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What is a Firewall? Types of Firewall

  • Yashoda Gandhi
  • Jun 21, 2022
What is a Firewall? Types of Firewall title banner

Individuals and businesses must secure their information as the number of cybercrimes grows by the day. However, there are numerous obstacles to its implementation. A firewall is one type of security device that can help you protect your network and devices from intruders. 


In this 'what is a firewall' tutorial, you will learn everything you need to know about a firewall and how it acts as a shield to protect your network.



What is a Firewall?


Firewalls are cybersecurity tools that monitor incoming and outgoing network traffic and allow or prohibit data packets based on a set of cybersecurity rules. They are typically used to protect network nodes from egress and influx of data traffic, as well as specific applications. 


Firewalls protect networks from external attacks by utilizing software, hardware, or cloud-based methods. A firewall's primary goal is to block malicious traffic and data packets while allowing legitimate traffic to pass through. 


To prevent attacks, firewalls examine inbound traffic based on predefined security rules and filter traffic from unsecured or suspicious sources. Traffic is monitored at computer entry points known as ports, where information is exchanged with external devices.


Also Read | Cybersecurity Threats, Attacks and its Types


How does the Firewall Work?


Within a private network, firewalls filter network traffic. Based on a set of rules, it determines which traffic should be allowed or restricted. Consider the firewall to be a gatekeeper at your computer's entry point, allowing only trusted sources (or IP addresses) to enter your network.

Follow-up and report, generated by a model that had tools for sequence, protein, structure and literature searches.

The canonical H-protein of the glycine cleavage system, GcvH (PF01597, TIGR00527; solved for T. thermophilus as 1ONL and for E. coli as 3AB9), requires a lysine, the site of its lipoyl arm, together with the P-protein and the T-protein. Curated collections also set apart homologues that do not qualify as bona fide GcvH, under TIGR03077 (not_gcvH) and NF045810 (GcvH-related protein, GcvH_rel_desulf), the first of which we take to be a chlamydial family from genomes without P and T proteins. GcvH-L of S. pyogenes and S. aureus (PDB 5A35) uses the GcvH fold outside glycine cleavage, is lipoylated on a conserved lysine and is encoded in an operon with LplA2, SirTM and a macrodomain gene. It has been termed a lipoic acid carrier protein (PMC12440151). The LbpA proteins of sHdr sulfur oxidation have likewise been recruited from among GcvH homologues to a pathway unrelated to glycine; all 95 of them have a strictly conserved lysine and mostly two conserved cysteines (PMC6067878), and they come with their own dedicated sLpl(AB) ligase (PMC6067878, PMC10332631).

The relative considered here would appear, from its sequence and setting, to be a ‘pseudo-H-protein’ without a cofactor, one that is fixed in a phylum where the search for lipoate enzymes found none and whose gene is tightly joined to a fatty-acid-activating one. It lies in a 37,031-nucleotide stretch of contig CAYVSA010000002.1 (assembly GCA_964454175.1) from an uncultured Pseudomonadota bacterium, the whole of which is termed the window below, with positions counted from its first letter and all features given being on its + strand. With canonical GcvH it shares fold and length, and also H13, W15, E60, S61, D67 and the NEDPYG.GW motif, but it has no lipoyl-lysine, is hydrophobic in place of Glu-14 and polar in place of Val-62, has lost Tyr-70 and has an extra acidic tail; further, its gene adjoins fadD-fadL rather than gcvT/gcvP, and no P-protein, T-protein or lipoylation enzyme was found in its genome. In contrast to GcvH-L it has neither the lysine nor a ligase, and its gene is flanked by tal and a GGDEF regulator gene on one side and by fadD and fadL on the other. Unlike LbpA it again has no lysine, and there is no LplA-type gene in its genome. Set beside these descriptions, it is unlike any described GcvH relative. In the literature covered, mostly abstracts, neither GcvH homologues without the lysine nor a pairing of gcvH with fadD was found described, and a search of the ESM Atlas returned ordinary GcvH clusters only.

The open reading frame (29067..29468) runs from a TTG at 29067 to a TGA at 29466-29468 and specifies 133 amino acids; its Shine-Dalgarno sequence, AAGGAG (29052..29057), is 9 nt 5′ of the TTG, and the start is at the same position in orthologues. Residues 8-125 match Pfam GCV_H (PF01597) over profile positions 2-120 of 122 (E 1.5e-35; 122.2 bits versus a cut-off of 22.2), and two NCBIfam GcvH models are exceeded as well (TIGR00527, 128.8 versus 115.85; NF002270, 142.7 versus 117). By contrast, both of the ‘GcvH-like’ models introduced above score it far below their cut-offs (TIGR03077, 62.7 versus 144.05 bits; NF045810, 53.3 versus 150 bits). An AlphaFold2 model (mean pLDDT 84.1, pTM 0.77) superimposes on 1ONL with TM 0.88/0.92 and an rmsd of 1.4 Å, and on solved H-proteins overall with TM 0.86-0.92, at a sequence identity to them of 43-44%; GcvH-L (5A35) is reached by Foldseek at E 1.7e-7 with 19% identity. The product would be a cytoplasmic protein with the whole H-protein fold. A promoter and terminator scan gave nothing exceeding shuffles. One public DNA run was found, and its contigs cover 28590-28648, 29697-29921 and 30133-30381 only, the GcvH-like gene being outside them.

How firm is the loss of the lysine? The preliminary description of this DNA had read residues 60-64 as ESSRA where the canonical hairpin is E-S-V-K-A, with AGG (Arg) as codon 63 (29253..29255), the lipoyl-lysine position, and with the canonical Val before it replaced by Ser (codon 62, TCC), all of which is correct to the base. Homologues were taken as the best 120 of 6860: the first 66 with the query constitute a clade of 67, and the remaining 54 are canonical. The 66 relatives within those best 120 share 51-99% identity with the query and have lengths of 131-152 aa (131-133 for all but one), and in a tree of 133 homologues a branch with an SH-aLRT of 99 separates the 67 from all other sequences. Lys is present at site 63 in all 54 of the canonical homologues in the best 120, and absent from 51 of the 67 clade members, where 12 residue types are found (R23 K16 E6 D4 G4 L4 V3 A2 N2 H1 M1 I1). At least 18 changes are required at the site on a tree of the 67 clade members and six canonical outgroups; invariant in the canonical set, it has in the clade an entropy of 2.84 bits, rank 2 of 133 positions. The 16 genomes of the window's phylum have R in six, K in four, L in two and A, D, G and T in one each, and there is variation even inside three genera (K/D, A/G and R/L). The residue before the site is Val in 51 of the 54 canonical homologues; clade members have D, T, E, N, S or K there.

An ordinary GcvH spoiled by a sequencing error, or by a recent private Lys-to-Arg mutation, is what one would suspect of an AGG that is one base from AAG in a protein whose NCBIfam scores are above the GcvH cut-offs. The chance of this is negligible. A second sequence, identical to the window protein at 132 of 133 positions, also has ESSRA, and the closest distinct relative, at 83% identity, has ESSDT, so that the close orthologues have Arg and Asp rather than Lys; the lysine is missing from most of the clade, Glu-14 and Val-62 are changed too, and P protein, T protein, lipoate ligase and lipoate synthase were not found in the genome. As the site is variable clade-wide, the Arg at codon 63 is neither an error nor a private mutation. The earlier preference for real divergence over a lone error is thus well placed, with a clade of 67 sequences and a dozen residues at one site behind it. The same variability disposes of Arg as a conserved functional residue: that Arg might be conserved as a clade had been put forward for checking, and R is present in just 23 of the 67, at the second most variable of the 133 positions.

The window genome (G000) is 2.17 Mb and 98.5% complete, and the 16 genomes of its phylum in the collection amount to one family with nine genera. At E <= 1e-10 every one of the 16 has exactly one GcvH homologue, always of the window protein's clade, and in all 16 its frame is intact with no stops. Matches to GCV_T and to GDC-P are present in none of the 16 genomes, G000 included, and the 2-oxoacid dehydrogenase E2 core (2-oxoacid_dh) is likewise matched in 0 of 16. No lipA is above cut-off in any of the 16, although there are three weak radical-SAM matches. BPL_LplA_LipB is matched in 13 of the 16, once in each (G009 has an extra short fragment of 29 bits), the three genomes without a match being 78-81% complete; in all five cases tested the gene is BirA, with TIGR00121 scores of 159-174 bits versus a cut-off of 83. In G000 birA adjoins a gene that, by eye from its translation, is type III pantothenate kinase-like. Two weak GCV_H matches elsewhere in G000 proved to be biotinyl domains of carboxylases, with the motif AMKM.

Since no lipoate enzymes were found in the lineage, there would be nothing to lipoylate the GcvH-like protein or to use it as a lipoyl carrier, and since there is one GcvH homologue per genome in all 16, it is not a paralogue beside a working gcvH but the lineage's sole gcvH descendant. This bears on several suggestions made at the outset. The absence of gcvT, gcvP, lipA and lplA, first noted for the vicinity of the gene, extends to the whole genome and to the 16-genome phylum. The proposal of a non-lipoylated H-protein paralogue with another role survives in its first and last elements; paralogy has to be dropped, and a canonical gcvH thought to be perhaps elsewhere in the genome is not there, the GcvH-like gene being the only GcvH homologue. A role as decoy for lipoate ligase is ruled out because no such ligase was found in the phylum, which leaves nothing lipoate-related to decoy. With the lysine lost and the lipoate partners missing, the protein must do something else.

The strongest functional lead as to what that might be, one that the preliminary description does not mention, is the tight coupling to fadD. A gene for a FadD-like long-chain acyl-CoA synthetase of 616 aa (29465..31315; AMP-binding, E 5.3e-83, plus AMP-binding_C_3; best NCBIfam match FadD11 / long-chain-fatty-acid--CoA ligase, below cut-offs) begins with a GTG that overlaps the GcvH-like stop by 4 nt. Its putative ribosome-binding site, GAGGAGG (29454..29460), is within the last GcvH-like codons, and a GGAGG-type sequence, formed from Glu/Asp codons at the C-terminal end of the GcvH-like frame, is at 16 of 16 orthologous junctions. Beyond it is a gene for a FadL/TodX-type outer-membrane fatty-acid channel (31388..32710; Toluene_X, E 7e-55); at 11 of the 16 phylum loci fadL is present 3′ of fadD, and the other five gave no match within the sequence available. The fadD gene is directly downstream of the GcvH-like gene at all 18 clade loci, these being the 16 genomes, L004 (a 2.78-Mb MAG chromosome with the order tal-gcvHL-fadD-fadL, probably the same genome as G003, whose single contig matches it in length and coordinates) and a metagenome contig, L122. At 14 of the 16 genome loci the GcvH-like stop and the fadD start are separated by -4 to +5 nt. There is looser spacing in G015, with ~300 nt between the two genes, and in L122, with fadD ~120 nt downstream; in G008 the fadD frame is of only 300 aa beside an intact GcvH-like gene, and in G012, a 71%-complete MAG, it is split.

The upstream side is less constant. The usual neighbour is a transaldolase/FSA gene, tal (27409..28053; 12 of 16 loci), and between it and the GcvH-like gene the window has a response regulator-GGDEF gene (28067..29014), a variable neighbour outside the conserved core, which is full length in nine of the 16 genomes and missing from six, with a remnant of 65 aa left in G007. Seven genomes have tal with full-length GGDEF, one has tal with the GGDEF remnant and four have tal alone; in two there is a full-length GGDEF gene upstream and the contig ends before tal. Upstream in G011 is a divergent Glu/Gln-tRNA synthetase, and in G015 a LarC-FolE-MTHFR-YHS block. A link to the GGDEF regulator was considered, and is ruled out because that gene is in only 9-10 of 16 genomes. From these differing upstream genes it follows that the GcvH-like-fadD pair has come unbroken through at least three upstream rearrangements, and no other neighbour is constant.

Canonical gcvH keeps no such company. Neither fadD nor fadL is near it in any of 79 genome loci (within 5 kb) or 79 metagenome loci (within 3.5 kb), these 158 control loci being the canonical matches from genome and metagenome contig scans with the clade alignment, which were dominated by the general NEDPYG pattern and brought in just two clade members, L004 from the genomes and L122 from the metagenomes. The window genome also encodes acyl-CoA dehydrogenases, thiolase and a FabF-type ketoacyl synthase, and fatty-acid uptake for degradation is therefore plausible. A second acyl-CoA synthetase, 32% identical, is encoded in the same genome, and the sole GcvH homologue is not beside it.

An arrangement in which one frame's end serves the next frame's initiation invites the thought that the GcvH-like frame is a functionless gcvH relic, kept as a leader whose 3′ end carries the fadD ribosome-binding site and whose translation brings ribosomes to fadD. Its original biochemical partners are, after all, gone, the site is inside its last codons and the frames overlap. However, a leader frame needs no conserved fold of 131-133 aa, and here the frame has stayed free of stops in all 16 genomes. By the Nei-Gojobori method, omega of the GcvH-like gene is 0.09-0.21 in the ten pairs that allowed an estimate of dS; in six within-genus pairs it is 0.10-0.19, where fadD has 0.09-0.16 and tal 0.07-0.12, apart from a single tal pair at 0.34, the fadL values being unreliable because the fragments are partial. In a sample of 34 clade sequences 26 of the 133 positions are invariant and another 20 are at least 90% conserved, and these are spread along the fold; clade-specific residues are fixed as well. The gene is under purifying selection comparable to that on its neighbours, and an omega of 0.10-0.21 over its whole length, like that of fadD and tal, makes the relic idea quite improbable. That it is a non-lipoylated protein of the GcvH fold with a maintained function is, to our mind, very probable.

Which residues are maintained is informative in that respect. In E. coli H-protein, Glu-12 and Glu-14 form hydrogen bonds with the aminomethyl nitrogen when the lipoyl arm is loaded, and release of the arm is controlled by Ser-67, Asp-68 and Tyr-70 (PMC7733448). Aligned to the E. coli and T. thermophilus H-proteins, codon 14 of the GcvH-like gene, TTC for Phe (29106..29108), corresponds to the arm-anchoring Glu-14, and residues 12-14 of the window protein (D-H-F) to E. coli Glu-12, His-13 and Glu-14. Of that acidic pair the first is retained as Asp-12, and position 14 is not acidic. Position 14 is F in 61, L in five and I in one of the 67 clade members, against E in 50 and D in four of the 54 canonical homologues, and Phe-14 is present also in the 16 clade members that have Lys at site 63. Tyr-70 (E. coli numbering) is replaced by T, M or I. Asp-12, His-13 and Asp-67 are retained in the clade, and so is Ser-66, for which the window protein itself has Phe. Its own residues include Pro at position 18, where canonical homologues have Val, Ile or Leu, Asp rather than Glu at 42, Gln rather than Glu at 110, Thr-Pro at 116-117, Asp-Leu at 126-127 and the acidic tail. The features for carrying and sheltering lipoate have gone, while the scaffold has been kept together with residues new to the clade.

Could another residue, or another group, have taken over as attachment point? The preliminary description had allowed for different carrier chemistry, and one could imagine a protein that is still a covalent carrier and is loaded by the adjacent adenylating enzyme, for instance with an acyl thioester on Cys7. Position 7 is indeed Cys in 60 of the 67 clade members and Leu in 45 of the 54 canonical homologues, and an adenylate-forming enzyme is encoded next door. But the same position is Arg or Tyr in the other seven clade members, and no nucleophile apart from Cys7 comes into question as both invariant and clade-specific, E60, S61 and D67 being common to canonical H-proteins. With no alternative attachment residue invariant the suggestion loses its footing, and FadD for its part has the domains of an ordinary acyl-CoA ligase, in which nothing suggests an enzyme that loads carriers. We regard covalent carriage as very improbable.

A firewall only accepts incoming traffic that has been configured to accept it. It distinguishes between legitimate and malicious traffic and allows or blocks specific data packets based on predefined security rules.


These rules are based on various aspects of the packet data, such as their source, destination, content, and so on. To prevent cyberattacks, they block traffic from suspicious sources.


Various types of firewalls can read data packets at different network levels. You will now proceed to the next section of this tutorial and learn about the various types of firewalls.


Why use a Firewall?


Firewalls are mostly used to protect against malware and network-based attacks. They can also aid in the prevention of application-layer attacks. These firewalls serve as gatekeepers or barriers. 


They track every attempt to connect our computer to another network. They will not allow data packets to pass through unless they are coming or going from a user-specified trusted source.


Firewalls are designed to detect and counter-attacks across the network as quickly as possible. They can use rules to protect the network and perform quick assessments to detect any suspicious activity. In a nutshell, we can use the firewall as a traffic controller.


The following are some of the significant risks of not having a firewall :


  1. Open Source


When a computer is not protected by a firewall, it allows unrestricted access to other networks. This means it accepts any type of connection that comes through someone. It is not possible to detect threats or attacks coming through our network in this case. Without a firewall, we expose our devices to malicious users and other unwelcome sources.


  1. Data Loss or Compromise


Without a firewall, we make our devices available to anyone. This means that anyone with access to our device, including the network, can take complete control of it. Cybercriminals can easily delete our data or use our personal information in this case.


  1. Network Outages


Without a firewall, anyone could gain access to our network and shut it down. We may have to invest valuable time and money to get our network back up and running. As a result, it is critical to use firewalls to protect our network, computers, and data from intruders.


Also Read | Network Security: Types, Advantages and Disadvantages


Functions of Firewall